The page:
Milestones in 2D Character animation: A Complete Guide
The animation industry is a colossal world which rests on skills that are alike in basic structure yet consists of diverse ways to achieve the same dream. The dream of turning fantasy into reality! Speaking of which in our last article A Journey through Traditional Animation we touched upon a few milestones we meet along this amazing journey. Well, let’s take the ride to the finish in this one.
So, here are a few more landmarks 2D animation studio close in to reach the finish line.
Layout or Mapping
After the completion of the designing of the storyboard, layout is basically the listing of different shots to be presented in the scenes. The animation team here decides on the camera angles, shading of the scene, lighting etc. This helps in conceptualizing poses of the characters in the scene and each pose is visualized in a drawing. The storyboard and these drawings are then incorporated with the audio and by the end of it an animatic is formed.
Animation the story begins
This is the point where the real action begins. It kick starts with by drawing sequences of animation on sheets of transparent paper one picture or frame at a time using colored pencils. The lead animator draws the major drawings in a scene using the character layout as reference. Not the entire animation but his job is to draw the major portions of the action.
Timing here plays an important role in the lives of animators as each frame must exactly coincide with the soundtrack being played the time when the frame appears on the screen. Usually, a pencil test is carried out by the captain of the ship, which is like a prep version of the final animation. These pencil drawings are captured in photos, scanned and synced with the music track. The remaining scenes and detailing is done by a bunch of assistant animators.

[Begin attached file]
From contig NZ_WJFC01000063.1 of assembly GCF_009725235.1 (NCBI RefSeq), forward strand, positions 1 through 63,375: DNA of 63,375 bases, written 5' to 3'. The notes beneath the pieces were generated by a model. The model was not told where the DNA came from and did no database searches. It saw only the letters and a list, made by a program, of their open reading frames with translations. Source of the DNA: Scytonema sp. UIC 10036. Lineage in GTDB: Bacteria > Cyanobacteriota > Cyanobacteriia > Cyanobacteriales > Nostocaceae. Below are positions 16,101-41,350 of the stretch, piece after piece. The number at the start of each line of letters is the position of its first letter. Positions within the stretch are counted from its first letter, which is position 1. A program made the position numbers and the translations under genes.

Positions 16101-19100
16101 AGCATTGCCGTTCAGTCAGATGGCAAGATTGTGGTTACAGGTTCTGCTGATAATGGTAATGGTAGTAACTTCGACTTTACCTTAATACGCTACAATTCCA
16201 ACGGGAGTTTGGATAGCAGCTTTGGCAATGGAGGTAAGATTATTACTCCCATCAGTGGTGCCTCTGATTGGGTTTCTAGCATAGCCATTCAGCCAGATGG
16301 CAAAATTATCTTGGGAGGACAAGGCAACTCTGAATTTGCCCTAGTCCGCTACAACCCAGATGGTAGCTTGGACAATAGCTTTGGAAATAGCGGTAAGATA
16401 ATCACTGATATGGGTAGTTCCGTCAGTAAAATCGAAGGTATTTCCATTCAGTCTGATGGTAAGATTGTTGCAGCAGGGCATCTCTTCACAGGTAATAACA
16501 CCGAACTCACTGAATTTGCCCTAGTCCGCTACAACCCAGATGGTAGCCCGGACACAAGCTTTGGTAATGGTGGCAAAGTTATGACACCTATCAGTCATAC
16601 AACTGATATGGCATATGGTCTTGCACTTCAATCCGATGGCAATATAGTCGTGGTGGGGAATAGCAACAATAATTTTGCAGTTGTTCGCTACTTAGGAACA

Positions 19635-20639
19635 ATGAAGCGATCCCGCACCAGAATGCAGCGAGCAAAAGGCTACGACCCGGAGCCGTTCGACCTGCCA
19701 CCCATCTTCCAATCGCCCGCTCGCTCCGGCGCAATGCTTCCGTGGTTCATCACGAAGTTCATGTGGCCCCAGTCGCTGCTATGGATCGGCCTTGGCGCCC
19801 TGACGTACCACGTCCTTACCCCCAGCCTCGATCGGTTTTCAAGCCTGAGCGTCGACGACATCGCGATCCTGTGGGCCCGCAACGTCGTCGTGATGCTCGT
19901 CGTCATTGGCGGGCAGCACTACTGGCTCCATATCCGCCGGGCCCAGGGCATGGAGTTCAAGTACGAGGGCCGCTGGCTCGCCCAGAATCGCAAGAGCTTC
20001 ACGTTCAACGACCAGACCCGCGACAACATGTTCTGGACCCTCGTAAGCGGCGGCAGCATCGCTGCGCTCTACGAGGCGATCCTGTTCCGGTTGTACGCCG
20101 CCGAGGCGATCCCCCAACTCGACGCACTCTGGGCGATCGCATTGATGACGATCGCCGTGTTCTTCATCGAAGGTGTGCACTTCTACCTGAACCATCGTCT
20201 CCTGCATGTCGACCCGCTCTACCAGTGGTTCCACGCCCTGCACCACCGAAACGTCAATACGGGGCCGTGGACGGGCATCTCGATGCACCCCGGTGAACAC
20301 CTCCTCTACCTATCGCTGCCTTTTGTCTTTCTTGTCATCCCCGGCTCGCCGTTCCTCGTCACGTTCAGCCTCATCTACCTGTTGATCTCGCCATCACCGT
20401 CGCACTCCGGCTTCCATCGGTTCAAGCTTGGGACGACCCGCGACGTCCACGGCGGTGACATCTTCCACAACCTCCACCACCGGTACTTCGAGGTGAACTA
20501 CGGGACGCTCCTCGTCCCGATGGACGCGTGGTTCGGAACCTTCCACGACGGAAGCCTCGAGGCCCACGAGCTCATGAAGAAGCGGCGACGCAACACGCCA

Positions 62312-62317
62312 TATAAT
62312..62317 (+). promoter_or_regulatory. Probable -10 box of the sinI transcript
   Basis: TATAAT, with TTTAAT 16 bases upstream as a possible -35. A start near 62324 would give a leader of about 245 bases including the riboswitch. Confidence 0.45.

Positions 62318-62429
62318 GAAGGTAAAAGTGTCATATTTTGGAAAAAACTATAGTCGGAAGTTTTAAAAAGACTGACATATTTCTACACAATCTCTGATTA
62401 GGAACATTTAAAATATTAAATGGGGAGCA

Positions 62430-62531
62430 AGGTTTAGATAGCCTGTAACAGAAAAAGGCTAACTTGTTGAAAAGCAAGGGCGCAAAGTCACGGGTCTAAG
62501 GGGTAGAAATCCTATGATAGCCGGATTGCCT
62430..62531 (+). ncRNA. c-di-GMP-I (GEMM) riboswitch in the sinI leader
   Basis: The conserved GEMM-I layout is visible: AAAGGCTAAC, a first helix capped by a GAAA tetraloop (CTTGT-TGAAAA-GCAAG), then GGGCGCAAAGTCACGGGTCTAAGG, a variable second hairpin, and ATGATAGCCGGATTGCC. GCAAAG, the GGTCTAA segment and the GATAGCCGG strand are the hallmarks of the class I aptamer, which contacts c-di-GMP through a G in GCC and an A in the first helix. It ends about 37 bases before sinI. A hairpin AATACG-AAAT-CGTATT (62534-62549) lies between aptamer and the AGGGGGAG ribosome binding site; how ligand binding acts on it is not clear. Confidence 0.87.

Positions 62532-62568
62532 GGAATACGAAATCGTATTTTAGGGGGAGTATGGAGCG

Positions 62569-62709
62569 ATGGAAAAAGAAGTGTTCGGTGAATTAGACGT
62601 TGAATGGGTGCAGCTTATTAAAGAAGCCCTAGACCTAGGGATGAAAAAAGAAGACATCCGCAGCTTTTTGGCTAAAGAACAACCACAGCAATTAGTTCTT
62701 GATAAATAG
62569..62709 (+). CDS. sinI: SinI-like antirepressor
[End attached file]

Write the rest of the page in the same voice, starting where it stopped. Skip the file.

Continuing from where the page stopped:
Once the key animation is finalized, the clean-up department takes a lead. This department is in charge of taking the drawings on new sheets and take care of all the details present on the original model sheets to make it look like a single person animated the entire film. Inbetweeners will fill in frames missing in-between drawings by other animators. This process is called tweening.
After done with the cleaning up process, all the drawings are photographed on an animation camera normally on black and white film stock. Video cameras and computer software usually carry out pencil tests these days.
While the whole animation is being done, background artists paint the backgrounds on to be portrayed in the scene. Generally, acrylic paint and gouache is used for the purpose. Careful detailing is required as the backgrounds have to be in harmony with the tone of designed characters.
2D character animation is no doubt a time-consuming artform. But the result of hardwork and intricate detailing in each stage never fails to really bring dreams to life. And we can truly say that yes, in the world of animation fantasy does merge with reality.